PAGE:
Often when onions are a side dish they're described as "mit musik", meaning of course "with music", I can't think what that means! "Kölscher Kaviar" certainly does not come from a fish but is fried blood sausage that has disintegrated, served with rings of a large onion. Sauerbraten is found throughout Germany and is extremely tasty beef that has been marinated in red wine vinegar. However the Rhenish Sauerbraten found in this area comes from the horse. So, don't be afraid, just be careful!
As previously mentioned beer in the beer halls is normally served direct from wooden casks, each one seems to be of a different capacity. A metal plate affixed gives the maximum contents in litres. At quieter times small barrels are used. Sometimes this method of dispense is found in the better bars. It is quite unusual to see a wooden barrel in these circumstances, often it is a dark plastic cask in a barrel shape, yet with no added gas. Though, more often than not, the beer is served through a normal font from a keg.
Like almost everywhere else Köln has seen many changes over the years and its brewing history goes back almost a 1000 years. In those days all beer was top-fermented and in the early days hops were not used. As mentioned before Köln remained loyal to top-fermentation whereas nearly all of the rest of Germany and most of Europe turned to bottom fermentation and cold conditioning.
A look at the number of breweries in the city over the years shows considerable consistency until the 20th century.
In 1471 there were 60. This had increased to 89 by 1500, but had dropped to less than 70 in 1555. This was because a brewing monopoly had been imposed and it was not possible to brew without a licence. The next 300 years show a steady increase: 1607 between 80 and 90, in 1793 there were 84. By 1822 this was 91, rising to 111 in 1849. The high point was in 1861 when there were 119. As a result of consolidation it was down to 71 by 1912. Following the First World War and the depression, it had slumped to 41 by 1933.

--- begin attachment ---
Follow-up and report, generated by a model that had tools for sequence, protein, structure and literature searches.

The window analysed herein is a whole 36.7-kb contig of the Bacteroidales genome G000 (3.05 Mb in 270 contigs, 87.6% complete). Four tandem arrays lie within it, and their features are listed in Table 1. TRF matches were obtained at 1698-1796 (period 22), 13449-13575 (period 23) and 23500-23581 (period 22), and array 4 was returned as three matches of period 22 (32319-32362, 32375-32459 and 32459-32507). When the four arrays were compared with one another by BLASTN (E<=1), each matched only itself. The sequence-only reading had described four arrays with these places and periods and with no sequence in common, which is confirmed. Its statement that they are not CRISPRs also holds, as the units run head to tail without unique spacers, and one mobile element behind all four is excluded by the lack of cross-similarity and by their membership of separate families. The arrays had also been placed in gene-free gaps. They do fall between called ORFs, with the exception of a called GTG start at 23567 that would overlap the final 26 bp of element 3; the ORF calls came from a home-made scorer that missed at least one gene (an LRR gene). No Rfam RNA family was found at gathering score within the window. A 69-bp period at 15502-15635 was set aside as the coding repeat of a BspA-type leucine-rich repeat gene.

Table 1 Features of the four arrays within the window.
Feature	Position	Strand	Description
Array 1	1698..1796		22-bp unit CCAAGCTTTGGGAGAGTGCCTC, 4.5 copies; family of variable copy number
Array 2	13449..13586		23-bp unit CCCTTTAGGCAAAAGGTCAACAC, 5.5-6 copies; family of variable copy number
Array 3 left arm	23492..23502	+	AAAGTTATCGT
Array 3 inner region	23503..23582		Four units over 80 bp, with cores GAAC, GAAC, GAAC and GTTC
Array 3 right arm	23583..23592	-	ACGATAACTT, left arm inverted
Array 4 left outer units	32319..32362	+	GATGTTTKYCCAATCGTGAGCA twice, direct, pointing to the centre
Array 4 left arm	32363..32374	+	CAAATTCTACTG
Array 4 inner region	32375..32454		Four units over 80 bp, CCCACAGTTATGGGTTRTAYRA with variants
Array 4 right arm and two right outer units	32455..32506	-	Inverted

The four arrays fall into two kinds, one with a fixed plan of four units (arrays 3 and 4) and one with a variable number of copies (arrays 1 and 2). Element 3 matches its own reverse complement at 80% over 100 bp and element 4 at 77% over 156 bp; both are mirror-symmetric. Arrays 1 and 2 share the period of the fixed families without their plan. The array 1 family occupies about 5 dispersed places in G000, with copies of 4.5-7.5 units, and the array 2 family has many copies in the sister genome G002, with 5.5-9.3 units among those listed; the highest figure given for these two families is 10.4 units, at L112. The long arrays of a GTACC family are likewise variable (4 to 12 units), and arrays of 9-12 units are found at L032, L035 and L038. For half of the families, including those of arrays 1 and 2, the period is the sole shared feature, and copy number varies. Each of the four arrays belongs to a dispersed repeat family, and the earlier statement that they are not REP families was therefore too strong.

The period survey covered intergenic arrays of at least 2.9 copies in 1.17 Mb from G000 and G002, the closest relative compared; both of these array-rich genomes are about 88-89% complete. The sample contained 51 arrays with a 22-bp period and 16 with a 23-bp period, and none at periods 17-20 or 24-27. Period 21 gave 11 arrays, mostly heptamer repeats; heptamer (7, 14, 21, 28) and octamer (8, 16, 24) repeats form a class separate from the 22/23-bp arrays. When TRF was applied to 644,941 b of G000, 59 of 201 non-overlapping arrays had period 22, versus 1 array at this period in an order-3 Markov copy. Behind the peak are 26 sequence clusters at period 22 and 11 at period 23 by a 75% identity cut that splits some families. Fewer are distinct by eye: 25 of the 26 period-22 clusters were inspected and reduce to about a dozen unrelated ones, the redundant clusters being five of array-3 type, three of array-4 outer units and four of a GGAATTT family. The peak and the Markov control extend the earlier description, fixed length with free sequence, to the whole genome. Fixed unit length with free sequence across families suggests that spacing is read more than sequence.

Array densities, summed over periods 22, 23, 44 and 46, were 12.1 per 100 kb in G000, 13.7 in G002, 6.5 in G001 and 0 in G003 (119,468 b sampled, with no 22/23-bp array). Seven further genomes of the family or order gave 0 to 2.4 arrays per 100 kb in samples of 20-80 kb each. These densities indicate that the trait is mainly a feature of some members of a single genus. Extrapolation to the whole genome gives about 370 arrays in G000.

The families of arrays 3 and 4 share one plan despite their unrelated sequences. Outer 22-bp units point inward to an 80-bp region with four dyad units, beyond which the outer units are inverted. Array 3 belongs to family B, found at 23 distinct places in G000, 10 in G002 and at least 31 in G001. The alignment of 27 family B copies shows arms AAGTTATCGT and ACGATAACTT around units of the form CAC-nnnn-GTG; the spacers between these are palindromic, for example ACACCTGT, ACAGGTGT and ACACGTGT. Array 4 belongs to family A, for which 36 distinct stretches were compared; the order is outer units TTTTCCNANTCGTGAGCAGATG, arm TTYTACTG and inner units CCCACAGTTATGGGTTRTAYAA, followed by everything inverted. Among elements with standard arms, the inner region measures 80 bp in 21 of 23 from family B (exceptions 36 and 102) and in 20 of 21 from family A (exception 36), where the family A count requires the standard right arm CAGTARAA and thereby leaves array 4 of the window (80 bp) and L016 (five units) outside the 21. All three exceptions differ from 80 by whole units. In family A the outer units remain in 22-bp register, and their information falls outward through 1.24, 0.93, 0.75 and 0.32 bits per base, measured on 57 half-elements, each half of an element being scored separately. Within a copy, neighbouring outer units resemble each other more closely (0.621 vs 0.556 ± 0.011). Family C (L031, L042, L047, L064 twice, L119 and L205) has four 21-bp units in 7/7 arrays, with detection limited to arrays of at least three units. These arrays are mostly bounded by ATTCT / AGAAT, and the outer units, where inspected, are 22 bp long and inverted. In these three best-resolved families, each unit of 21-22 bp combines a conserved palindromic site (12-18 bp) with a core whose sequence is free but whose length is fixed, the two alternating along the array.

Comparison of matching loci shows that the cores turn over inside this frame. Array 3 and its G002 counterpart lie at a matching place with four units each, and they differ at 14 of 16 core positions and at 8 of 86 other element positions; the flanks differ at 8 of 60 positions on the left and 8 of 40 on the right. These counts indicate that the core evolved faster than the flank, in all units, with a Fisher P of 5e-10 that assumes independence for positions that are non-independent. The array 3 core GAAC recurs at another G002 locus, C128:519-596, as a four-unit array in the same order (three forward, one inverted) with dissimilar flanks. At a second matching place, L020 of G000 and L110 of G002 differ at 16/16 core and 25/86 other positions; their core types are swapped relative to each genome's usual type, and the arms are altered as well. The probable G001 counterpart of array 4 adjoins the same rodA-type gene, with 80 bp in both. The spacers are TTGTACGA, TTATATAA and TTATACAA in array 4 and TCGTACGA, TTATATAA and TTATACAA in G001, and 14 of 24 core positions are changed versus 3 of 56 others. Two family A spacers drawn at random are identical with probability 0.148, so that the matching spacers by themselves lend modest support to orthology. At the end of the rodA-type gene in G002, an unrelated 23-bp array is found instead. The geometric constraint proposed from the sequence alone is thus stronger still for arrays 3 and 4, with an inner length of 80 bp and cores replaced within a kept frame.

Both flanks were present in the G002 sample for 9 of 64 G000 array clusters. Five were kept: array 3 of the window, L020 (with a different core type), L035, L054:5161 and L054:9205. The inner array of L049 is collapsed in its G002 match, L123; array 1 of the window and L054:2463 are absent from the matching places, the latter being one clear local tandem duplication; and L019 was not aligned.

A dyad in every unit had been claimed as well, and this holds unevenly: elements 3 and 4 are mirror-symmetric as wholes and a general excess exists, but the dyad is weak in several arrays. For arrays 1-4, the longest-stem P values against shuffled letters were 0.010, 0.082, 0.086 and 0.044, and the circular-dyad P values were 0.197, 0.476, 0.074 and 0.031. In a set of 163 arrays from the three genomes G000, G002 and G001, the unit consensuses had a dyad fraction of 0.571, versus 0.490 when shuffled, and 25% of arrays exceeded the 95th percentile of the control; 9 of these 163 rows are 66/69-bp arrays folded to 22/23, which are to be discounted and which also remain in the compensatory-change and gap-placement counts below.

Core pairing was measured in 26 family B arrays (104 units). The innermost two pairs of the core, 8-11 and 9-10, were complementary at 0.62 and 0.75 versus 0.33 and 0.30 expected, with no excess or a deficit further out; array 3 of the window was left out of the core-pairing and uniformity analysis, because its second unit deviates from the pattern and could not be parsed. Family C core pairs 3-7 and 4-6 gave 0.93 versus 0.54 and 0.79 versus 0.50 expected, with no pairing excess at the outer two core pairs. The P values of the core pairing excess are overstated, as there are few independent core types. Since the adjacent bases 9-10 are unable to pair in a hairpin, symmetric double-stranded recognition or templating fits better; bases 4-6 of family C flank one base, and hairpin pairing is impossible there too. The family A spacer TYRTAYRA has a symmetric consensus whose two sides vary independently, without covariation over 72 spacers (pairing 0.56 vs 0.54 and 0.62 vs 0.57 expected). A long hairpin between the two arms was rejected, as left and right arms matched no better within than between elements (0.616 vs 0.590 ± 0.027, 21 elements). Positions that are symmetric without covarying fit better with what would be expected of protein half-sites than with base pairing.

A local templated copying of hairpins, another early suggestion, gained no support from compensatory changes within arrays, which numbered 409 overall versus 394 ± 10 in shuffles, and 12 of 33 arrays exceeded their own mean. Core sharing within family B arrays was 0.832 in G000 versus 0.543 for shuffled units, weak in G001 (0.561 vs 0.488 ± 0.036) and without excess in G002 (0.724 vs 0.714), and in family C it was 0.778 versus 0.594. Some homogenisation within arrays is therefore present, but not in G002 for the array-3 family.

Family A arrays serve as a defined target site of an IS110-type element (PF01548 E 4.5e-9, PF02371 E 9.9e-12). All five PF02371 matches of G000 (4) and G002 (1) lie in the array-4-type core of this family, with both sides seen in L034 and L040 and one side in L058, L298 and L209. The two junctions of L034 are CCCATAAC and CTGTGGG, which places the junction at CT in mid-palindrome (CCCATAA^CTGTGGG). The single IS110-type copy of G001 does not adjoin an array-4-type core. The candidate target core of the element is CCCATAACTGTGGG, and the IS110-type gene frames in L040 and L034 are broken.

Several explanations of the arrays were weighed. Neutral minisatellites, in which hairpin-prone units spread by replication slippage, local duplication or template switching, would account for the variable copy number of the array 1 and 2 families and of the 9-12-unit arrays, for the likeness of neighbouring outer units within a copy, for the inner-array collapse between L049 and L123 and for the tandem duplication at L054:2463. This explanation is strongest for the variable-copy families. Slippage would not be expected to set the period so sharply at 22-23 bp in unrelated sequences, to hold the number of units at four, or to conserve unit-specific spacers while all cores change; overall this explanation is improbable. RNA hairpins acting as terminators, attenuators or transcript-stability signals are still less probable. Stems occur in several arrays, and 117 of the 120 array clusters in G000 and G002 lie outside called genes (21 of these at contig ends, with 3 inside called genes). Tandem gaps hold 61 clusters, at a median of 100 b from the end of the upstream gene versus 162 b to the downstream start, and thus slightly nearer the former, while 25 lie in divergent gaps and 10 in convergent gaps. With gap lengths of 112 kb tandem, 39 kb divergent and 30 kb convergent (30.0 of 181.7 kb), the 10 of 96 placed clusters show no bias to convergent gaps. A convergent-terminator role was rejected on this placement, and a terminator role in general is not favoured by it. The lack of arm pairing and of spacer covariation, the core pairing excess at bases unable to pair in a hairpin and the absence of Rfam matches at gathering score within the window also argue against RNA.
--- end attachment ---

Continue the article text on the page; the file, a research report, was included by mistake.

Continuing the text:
On the eve of the outbreak of the second war world in 1938 it was 38. As a result of carpet bombing most of the city was destroyed and the 1945 total was zero! Those breweries that survived had no access to raw materials.
Recovery was slow but steady, in 1947 there were 13. There must have been another high point in the 1950s, and in 1987 there were still 28 but the decline since then has been dramatic. In another article I list these 28 and trace the fate of the actual brewery buildings and their beers between.
The 2007 total was down to 16. That includes 4 that have opened since 1987 so the total of existing breweries was actually down to 12 although almost most of the old brand names survive. This piece was written in 2008 although I believe there has not been great change since then. In another article entitled "Kölsch: 1987 to 2007. Two decades of change" I individually analyse those 28 extant in 1987 and trace the fate of the actual breweries and their beers between then and 2007.